Several years ago, someone I know compared professional bass angler Kevin VanDam to golfing great Tiger Woods, who was then at the highest pinnacle of the game.


“Kevin VanDam is the Tiger Woods of bass fishing,” my friend said, calling attention to the legendary career numbers that have been amassed by both men, including Woods 14 major championship victories.


But the accuracy of that statement was quickly challenged by another friend standing there: “No sir, I’d say that Tiger Woods is the Kevin VanDam of golf.”


Whichever statement is most accurate, there can be little doubt that VanDam — known to millions the world over by his initials KVD — is the greatest bass fisherman of all-time, the so-called GOAT of the sport.


If that wasn’t already apparent by VanDam’s legendary resume — which includes seven B.A.S.S. Angler of the Year titles and four Bassmaster Classic titles, including back-to-back triumphs in 2010 and 2011 — then maybe it is by KVD’s latest angling heroics last weekend in northeastern Oklahoma.


Those occurred on the Sooner State’s Grand Lake O’ The Cherokees when the power-fishing KVD targeted big pre-spawn females that were transitioning towards the bank, particularly in areas where the bottom composition changed from one type to another.


“The male bass were all in shallow along the bank and pretty easy to catch,” VanDam said to Bassmaster.com reporter Thomas Allen after the event. “I knew that to win, I needed to catch the larger females that were staging farther offshore — around 8-10 feet of water.”


Calling his pre-tournament practice unproductive on Grand Lake, VanDam — who is also a one-time FLW Tour Angler of the Year and a two-time Major League Fishing Summit Cup champion — just went fishing during the first round, experimenting and adapting as that Thursday round went along.


“I really didn’t think I could win this thing after the tough practice I had,” said KVD to Bassmaster.com. “But I knew I had to cover water to find active fish. The female bass that were moving in to spawn were not yet on beds, but they would still hit a reaction bait like a crankbait or a spinnerbait.”


The results of that strategy aren’t surprising given KVD’s resume. On Day One, he weighed in five Grand Lake bass that tipped the scales at 21 pounds, 15 ounces. The following day, he weighed in 20-10. Then on Day Three, it was 22-04. And finally, on last Sunday’s Championship Day, it was 18-07.


Add those numbers up and it was 83-04 for KVD’s four-day, 20-bass total, more than five-pounds heavier than runner-up Tommy Biffle, and enough for another resounding win for VanDam, the 25th of his long and storied career.


To put that number of 25 into perspective, consider that retired and legendary B.A.S.S. pro Roland Martin took home 19 B.A.S.S. trophies followed by Denny Brauer’s 17. And that Bill Dance won seven times, George Cochran won seven times, the late Ken Cook won six times, Hank Parker won five times, and Jimmy Houston won two times.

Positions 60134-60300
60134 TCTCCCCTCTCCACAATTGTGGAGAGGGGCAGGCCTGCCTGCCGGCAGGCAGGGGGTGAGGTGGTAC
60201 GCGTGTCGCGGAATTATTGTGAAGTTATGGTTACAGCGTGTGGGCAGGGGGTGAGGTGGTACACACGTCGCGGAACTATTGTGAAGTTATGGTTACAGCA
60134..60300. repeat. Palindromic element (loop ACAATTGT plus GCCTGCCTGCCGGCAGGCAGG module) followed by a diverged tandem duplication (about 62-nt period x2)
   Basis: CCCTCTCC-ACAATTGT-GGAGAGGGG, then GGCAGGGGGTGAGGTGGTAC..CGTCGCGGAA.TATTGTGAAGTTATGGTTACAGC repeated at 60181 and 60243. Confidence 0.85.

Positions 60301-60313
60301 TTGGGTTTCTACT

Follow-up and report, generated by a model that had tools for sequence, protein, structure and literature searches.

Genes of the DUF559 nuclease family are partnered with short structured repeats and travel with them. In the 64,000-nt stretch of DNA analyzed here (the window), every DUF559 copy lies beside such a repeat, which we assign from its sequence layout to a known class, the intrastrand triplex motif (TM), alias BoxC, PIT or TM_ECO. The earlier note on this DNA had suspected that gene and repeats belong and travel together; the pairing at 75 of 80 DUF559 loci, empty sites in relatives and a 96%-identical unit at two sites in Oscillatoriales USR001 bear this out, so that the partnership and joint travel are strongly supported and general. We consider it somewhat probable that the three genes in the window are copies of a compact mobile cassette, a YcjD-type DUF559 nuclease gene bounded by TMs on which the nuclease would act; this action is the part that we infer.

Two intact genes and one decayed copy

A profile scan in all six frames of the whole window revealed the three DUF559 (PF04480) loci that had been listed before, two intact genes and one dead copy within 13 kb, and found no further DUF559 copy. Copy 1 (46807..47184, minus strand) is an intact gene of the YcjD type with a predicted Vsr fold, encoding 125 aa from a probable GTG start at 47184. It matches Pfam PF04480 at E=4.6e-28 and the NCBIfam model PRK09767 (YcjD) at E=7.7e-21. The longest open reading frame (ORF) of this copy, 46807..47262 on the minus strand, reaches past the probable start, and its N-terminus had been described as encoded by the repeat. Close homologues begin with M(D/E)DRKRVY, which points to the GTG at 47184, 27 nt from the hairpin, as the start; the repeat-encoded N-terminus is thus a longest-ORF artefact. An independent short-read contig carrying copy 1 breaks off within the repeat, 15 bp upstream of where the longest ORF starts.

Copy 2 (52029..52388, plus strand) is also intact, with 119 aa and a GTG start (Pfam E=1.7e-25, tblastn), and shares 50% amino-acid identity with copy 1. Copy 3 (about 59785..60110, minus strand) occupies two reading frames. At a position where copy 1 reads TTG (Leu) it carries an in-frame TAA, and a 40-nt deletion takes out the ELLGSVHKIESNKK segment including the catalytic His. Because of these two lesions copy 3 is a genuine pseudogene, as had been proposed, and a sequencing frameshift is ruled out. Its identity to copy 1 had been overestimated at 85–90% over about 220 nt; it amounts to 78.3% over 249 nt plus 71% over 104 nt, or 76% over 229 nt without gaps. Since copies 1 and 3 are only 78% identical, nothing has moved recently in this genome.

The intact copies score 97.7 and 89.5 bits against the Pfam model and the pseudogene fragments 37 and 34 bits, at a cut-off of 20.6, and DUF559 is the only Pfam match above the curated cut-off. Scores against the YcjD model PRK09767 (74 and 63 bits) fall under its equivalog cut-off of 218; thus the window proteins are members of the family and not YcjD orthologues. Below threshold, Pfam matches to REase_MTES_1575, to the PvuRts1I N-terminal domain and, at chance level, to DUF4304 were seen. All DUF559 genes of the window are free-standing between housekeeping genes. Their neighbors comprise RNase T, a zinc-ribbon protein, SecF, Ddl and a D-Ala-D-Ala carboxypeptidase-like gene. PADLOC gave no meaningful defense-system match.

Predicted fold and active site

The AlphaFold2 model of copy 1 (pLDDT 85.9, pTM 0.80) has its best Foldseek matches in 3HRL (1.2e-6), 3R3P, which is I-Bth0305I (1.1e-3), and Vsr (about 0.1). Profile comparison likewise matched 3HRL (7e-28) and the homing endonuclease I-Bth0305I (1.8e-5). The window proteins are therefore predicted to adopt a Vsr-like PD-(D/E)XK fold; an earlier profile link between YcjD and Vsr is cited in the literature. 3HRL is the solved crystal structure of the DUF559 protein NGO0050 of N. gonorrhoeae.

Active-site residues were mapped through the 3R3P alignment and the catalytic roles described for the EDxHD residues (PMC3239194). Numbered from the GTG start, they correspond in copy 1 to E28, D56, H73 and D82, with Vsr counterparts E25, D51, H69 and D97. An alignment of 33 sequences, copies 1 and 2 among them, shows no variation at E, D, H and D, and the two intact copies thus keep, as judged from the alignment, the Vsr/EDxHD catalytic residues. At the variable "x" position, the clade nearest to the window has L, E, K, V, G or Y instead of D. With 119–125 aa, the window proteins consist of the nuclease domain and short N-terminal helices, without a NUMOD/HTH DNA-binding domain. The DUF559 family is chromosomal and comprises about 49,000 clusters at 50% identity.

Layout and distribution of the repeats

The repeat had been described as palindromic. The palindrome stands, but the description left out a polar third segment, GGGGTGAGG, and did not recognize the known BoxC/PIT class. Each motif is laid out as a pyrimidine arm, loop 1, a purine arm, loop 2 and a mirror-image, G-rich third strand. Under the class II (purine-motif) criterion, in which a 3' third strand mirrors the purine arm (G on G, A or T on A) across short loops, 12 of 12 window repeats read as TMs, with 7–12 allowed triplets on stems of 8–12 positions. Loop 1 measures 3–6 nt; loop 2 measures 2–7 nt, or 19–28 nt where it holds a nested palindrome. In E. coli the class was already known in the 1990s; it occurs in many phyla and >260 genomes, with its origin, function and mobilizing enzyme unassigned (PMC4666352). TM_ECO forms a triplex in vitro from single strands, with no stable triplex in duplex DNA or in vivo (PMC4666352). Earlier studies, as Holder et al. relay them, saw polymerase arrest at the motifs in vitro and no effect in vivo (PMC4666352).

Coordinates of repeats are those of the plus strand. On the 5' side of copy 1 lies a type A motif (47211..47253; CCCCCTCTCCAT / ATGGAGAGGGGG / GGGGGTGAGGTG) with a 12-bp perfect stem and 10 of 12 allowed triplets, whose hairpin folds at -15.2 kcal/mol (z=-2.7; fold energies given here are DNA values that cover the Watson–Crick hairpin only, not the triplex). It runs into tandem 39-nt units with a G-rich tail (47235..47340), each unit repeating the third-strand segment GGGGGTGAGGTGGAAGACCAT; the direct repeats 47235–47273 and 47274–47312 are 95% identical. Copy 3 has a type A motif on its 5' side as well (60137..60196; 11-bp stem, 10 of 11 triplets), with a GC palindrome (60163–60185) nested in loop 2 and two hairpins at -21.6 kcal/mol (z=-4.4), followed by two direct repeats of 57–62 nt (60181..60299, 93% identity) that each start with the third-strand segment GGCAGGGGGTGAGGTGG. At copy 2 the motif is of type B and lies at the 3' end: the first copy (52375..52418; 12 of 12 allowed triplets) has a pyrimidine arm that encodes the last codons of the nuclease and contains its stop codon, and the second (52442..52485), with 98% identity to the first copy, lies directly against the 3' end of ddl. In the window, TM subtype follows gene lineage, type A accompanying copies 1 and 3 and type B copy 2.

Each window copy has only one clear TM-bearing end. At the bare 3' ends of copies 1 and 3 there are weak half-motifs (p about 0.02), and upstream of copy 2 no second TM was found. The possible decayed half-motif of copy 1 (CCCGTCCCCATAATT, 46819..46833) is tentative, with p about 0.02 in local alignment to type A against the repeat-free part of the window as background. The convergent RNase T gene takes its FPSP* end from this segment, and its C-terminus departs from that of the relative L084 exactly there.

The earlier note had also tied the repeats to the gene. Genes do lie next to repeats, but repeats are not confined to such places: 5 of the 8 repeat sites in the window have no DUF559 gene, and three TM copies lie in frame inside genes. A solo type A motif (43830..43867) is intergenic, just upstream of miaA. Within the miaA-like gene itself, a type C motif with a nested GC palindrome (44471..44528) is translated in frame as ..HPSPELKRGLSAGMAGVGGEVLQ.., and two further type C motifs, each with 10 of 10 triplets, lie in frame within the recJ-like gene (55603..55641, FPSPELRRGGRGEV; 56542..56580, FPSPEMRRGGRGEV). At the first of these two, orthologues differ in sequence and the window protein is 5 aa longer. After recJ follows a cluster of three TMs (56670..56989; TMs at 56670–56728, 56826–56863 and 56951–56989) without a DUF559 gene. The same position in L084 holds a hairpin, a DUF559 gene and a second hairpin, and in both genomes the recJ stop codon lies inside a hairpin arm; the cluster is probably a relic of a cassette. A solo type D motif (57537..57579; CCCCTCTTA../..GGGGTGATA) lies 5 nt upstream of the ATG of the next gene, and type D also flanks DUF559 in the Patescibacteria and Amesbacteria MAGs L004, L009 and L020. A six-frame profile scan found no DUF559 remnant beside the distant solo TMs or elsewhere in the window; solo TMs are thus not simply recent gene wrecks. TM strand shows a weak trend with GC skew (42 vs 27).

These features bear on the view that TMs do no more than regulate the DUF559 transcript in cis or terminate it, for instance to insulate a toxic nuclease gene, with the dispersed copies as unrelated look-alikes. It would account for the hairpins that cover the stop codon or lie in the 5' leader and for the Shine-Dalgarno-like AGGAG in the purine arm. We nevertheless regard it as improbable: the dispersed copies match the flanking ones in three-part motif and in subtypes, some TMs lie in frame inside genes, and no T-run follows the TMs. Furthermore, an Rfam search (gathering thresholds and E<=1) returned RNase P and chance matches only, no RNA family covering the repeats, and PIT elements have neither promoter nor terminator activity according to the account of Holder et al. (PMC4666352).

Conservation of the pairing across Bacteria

Follow that up with current day pros that include Rick Clunn’s 15 wins; Edwin Evers’ 11 wins; the nine wins of Shaw Grigsby and Aaron Martens; the eight wins of Gary Klein, Mike McClelland, and Skeet Reese; and the seven wins of Tommy Biffle, Mike Iaconelli, and Chris Lane; and you’re looking at the resumes of some of the sport’s all-time greatest pros.


But in a profession where a good career can be measured by three or four wins, clearly, VanDam is in a class by himself, sporting a level of excellence in bass fishing that no one else may ever come close to.


In claiming last weekend’s $100,000 dollar top angler payday — which pushed his total B.A.S.S. career earnings to $6.37 million dollars — VanDam reportedly fine-tuned some 50 spots early in the event into a final day milk-run of high quality spots where he had found the biggest bass.


To catch his winning bag, VanDam used a 1/2-ounce green pumpkin Strike King Structure Jig trailed by a green pumpkin Rage Menace Grub with the tail dipped in chartreuse. Add to that his patented Strike King KVD 1.5 squarebill crankbait in brown craw (good luck finding that color this week) and the set-up was complete.


Almost, that is, since KVD is a stickler about controlling all of the variables and the little things that he can.


“I swapped the factory hooks with No. 2 Mustad KVD treble hooks, and that increased my hook-up rate tremendously,” said VanDam to Allen. “I heard multiple anglers comment on how the bass were swatting at their lures and not staying hooked up. My hook change was critical to getting all my fish into the boat.”


And to the scales, where the legend of Kevin VanDam continues to grow thanks to his second win on Grand Lake, an Oklahoma triumph that goes along with his 2007 Elite Series victory there.


Having turned 50 years old not too long ago, VanDam laughed off retirement questions from folks like B.A.S.S. emcee Dave Mercer.


“Short answer: No. I’m having too much fun,” said KVD to Bassmaster.com. “These tournaments are very difficult to win, and I’ve been very blessed over my career, but I’ll never take any of it for granted. I still get very emotional, just like winning my first B.A.S.S. tournament in 1991.”


As the rest of the 2018 Bassmaster Elite Series continues — including this week on Kentucky Lake where KVD has two previous triumphs — that can’t be a pleasant thing to hear for the 100+ other Elite Series anglers lined up behind the legendary bassing pro from Kalamazoo, Mich.


Because VanDam, the best of the best in professional bass fishing, both then and now, is still hungry.


And KVD apparently has no plans to rev up his Nitro bass boat and go riding off into the sunset anytime soon.